|A topographical carte-de-visite showing a view of the Ponte Vecchio, a Mediaeval bridge over the Arno in Florence. Believed to have been built first in wood by the Romans, the three-arched stone structure seen here dates from 1345. It is Europe’s oldest segmental arch bridge. The Vasari corridor above it was added for Cosimo I de Medici in 1565, to connect the Palazzo Vecchio with the Palazzo Pitti. The bridge has always hosted shops and merchants. Since the end of the sixteenth century these have primarily been gold merchants.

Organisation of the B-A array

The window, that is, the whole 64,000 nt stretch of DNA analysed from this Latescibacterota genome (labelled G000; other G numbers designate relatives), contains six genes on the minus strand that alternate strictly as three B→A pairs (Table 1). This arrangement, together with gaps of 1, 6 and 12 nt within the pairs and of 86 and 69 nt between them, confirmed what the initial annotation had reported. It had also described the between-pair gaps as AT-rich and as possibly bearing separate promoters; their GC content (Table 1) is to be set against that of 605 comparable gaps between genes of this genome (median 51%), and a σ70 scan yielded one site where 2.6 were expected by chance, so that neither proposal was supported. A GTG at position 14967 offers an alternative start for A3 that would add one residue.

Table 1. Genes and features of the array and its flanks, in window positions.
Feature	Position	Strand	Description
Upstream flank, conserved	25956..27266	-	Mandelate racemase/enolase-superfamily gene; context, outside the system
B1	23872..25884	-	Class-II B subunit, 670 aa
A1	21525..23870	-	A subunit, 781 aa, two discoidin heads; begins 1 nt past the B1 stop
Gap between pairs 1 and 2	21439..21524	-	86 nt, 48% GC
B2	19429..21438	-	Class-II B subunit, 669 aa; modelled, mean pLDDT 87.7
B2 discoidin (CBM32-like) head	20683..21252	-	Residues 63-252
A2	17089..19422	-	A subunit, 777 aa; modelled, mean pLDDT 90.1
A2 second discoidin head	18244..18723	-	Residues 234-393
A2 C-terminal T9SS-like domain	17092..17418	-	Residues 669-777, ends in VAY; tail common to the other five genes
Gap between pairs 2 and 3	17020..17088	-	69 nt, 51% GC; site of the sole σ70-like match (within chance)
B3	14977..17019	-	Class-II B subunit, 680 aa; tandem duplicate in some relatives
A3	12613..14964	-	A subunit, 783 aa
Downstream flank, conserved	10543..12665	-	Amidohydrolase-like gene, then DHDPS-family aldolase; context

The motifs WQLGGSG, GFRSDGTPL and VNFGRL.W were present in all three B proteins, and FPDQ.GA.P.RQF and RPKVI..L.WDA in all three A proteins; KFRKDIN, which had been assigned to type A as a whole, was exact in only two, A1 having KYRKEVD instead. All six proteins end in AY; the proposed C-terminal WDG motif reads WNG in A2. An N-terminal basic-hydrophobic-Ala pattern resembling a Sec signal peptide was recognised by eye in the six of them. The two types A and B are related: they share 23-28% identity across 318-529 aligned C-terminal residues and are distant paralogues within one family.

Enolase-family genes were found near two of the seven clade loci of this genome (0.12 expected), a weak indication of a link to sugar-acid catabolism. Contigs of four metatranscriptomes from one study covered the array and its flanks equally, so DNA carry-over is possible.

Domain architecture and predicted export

Unlike the other bridges in Florence, the Ponte Vecchio was not destroyed by the Germans during their retreat in 1944, allegedly because of an express order by Hitler. It was, however, obstructed by the destruction of the buildings at both ends.
Photographed by Giorgio Sommer of Naples, identified by his backplate on the reverse of the mount.
A pencilled inscription verso in a period hand reads The Old Bridge / Florence.
condition: Some foxing in the area of the sky.
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